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Nova Scotians are heading out west

But it's not for everybody

by Kendall Worth

For Nova Scotians with disabilities finding work in Alberta is not always an option.  Photo by Ecstaticist.
For Nova Scotians with disabilities finding work in Alberta is not always an option. Photo by Ecstaticist.

Over the past 10 to 20 years we have been hearing a lot about our youth heading out west to live and work. In most cases they end up working in the province of Alberta, because Alberta is where the majority of good paying jobs in western Canada are located.

Those Nova Scotians who had made this move would be at risk living in poverty if they were to continue to live in the Province of Nova Scotia. In some cases, if not most, this would mean to depend on Income Assistance.

It is downright difficult to give statistics on how many young people are actually leaving Nova Scotia. However it is clear that the numbers of Nova Scotians moving out west are in the high range.

I hear that the most of them are only out there for four days, or even less before they are actually working at full time jobs.

Putting myself up front, I sometimes wonder, “Is this option of going west the right route for me personally to escape poverty?” Even though I know lots of young Nova Scotians that have successfully escaped poverty this way, after doing a lot of long and hard thinking the answer is no.

This is not the right route for me personally to come out of poverty because I am a person with a learning disability, I have been diagnosed with impulse control disorder, and I also cannot handle a lot of stress. That I cannot handle a lot of stress is something I have experienced at past jobs before I started my current job of selling Street Feat newspaper.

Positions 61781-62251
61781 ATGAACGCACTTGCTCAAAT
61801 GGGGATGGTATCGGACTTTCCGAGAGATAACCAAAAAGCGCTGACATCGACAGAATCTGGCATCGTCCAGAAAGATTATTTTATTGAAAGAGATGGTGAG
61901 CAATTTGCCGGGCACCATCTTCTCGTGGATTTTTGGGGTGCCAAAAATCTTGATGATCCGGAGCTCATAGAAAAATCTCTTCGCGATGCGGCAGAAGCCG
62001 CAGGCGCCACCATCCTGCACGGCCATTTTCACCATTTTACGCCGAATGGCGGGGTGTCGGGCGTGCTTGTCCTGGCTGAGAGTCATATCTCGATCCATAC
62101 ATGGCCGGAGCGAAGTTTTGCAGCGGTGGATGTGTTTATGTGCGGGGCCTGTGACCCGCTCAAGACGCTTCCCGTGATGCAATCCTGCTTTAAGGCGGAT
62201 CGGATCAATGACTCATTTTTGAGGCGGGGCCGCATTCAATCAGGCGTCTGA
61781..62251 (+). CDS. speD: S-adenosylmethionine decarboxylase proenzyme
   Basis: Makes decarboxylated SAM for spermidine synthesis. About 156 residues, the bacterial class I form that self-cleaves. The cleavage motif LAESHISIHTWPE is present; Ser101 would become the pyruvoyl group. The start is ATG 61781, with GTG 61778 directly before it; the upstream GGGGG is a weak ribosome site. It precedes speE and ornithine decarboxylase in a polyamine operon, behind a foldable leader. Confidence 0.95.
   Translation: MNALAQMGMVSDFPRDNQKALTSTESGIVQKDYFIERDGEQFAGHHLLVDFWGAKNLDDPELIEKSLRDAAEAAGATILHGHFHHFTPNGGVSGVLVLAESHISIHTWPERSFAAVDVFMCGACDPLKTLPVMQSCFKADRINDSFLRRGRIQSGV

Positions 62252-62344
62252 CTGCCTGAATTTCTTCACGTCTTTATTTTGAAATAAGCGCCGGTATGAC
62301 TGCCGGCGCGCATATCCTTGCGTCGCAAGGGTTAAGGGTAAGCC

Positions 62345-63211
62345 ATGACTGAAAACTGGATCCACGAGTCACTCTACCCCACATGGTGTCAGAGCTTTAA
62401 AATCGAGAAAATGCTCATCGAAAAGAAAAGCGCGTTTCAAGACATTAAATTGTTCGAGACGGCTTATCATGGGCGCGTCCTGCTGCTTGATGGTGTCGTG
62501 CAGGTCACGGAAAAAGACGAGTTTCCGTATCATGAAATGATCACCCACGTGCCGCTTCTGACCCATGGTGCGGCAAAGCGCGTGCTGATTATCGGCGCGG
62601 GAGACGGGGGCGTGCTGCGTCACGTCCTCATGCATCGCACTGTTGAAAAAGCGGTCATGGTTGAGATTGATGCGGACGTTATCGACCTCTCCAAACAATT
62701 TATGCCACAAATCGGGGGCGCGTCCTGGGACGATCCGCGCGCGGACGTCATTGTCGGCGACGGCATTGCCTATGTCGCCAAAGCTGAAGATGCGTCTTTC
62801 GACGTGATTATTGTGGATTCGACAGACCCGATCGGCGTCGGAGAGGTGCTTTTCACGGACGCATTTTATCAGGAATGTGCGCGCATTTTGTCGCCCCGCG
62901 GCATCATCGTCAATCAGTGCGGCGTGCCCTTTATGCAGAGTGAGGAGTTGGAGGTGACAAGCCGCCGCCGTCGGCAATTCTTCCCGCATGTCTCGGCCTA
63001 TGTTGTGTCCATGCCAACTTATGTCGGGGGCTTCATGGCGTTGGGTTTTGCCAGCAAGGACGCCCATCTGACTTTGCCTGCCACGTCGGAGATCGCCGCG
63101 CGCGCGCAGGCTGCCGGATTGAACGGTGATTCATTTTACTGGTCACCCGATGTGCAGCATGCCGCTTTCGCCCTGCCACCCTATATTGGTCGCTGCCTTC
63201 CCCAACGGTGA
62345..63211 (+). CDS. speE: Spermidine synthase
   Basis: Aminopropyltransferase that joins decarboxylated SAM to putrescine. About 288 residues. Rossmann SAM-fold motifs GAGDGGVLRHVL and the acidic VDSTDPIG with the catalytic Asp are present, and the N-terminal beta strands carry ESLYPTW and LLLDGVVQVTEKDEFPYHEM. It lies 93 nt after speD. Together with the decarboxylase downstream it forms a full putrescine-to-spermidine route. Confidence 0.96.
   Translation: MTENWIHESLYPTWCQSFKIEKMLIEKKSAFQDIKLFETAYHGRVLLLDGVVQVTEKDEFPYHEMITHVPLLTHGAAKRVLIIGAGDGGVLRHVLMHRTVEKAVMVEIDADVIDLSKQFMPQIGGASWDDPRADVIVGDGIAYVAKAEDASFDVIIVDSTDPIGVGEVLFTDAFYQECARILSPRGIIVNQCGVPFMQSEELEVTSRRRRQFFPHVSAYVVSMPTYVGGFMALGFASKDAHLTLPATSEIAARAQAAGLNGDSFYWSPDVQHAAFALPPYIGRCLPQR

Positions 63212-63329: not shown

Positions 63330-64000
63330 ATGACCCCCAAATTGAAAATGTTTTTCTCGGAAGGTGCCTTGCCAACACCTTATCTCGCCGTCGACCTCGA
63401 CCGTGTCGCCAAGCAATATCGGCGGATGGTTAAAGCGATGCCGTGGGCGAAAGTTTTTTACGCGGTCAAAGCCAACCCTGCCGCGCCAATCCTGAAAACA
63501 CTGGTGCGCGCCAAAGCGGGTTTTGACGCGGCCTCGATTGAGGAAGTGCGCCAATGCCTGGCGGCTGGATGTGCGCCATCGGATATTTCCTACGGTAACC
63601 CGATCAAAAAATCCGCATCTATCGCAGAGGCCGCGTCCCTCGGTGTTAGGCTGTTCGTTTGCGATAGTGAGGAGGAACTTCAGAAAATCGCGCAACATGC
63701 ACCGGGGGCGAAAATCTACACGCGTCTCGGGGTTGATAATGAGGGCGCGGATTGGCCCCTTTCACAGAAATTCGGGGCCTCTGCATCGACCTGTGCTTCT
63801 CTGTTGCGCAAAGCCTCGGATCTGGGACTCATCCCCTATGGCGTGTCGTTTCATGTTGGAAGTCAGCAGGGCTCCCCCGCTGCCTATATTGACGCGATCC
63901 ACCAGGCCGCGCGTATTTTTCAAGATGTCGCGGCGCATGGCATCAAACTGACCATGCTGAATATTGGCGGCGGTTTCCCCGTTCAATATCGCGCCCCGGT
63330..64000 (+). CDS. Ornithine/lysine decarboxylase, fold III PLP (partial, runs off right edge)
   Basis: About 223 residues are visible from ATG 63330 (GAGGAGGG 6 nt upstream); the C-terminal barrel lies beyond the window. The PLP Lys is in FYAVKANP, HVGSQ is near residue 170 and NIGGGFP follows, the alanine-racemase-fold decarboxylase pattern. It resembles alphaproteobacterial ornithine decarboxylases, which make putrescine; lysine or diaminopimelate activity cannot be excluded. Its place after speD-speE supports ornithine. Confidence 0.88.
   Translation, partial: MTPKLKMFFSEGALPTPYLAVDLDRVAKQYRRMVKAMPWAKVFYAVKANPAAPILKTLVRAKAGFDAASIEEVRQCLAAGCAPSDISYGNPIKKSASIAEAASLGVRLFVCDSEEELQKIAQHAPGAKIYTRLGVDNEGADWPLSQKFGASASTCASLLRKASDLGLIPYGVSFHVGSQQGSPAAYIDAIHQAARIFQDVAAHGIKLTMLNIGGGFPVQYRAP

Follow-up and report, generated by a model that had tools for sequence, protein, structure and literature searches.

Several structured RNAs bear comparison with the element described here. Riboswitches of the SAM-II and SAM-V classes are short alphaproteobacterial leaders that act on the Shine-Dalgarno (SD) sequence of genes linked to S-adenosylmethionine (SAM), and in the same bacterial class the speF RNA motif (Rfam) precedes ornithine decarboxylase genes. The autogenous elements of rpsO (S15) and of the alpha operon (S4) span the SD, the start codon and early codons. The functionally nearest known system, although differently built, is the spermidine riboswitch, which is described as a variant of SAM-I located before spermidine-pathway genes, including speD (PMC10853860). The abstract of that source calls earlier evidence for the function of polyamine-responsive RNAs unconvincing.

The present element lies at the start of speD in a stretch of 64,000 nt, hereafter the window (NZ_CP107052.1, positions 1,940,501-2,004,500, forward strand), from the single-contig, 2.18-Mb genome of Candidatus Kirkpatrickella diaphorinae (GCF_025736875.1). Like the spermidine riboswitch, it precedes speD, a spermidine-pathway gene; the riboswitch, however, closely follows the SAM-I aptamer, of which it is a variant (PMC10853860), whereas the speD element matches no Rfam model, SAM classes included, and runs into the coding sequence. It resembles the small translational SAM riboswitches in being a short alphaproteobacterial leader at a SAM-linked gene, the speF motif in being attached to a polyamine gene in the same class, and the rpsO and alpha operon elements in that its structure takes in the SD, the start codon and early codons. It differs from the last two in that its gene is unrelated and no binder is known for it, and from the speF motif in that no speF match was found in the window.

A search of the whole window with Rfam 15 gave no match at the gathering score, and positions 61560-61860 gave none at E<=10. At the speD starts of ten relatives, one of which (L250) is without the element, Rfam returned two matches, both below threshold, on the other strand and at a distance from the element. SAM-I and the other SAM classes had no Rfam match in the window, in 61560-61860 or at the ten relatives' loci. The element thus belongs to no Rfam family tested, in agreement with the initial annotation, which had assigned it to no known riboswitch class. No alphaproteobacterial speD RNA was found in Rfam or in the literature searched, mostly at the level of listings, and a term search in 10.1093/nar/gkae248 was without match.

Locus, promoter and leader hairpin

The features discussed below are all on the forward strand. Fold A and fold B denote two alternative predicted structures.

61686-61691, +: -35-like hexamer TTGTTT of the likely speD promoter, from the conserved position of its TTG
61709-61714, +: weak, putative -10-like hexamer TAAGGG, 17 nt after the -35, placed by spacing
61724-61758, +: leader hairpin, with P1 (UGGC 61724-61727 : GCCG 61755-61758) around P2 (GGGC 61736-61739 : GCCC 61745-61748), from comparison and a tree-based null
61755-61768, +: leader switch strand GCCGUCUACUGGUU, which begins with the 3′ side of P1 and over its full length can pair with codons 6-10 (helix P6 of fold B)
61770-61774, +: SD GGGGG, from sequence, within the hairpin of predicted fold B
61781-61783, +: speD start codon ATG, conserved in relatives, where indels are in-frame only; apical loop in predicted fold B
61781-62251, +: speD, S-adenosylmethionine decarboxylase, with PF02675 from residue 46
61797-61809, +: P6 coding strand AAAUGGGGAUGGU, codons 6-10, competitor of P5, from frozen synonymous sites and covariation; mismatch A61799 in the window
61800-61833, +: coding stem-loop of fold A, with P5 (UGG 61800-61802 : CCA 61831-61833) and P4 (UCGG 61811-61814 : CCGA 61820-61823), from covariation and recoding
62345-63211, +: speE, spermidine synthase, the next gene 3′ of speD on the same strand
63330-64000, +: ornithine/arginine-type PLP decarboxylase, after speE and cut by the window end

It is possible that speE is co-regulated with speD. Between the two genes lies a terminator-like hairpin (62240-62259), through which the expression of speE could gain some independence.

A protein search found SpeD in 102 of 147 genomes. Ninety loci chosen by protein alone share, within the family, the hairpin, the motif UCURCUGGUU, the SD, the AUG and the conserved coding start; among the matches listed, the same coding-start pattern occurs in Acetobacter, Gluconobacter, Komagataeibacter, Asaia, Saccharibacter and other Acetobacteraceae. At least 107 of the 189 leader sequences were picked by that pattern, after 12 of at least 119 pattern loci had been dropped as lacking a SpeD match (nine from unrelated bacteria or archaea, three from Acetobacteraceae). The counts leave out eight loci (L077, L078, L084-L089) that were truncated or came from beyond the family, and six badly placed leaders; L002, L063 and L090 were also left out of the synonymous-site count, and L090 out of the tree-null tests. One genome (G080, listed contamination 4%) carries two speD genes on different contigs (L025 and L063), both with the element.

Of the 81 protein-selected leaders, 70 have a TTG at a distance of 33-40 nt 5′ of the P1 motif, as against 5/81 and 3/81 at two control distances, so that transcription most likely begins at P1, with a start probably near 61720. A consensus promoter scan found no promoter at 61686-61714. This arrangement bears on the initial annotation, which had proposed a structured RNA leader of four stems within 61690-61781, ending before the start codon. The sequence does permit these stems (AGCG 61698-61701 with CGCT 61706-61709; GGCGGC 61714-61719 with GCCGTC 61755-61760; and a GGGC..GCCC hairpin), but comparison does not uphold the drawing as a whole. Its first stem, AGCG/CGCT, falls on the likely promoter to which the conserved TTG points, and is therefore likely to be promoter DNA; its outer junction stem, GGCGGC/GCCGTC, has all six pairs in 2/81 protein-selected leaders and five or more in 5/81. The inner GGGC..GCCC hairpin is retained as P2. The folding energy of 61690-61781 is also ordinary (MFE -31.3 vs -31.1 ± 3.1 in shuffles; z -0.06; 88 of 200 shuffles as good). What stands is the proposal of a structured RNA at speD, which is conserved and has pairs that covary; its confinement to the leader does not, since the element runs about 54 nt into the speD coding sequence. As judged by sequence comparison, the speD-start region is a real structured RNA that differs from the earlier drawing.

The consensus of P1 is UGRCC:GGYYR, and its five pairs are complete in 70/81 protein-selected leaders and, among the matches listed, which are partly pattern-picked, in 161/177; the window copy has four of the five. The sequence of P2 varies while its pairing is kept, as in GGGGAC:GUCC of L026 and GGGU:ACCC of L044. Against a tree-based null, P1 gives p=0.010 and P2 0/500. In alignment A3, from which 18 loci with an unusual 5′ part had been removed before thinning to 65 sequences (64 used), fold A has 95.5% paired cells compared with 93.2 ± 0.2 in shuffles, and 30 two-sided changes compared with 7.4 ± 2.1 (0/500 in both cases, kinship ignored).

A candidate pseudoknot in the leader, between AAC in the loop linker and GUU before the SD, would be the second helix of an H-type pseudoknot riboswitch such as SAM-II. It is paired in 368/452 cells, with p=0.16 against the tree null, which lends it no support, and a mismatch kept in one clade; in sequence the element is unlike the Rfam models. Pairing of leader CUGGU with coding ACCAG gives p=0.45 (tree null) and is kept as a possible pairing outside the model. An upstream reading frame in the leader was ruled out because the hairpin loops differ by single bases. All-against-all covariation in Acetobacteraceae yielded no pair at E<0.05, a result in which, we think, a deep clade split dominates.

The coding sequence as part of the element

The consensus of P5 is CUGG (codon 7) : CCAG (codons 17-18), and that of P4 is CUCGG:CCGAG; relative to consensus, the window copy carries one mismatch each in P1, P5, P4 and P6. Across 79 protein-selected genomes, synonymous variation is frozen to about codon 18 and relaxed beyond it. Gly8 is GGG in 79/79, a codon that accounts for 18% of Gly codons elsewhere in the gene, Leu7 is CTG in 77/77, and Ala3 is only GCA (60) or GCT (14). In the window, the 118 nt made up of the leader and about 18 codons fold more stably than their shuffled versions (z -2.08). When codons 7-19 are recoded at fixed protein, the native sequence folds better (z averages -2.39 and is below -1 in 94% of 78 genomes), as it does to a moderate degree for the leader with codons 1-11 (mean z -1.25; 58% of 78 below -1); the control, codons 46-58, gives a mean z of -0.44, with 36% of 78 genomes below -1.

Here in Nova Scotia there are supports and services available for people like me who have disabilities. These supports may not be available to me out West. Also, I would not be able to see my niece and nephew grow up.

Also, as a part of coming to my answer, I did research on this option and talked to a lot of my friends who actually live and work out West. I asked several of my friends who live in Red Deer, Grand Prairie, and Edmonton if they think that the places where they live are good situations for persons with disabilities.

My friends from Red Deer and Grand Prairie said that “in their personal day to day lives they see everybody around them as being able bodied and able minded.” This is however not to say that there are no persons with disabilities living in these places, they just don't notice.

On the other hand my friends who live in Edmonton had told me that they do see persons with disabilities around the area where they live. However, even my friends who live in Edmonton, tell me that their jobs are not for people with disabilities.

I contacted several of my friends in Alberta and asked them “if they think moving to Alberta would be the right move for me personally to escape poverty considering the fact that I have a learning disability?”

They answered that a lot of the good paying jobs which are available out West require you to have a skilled trade. They raised concerns that my learning disability would make me not understand the course content and if I fail the courses I will not be qualified to do the type of work I am training for.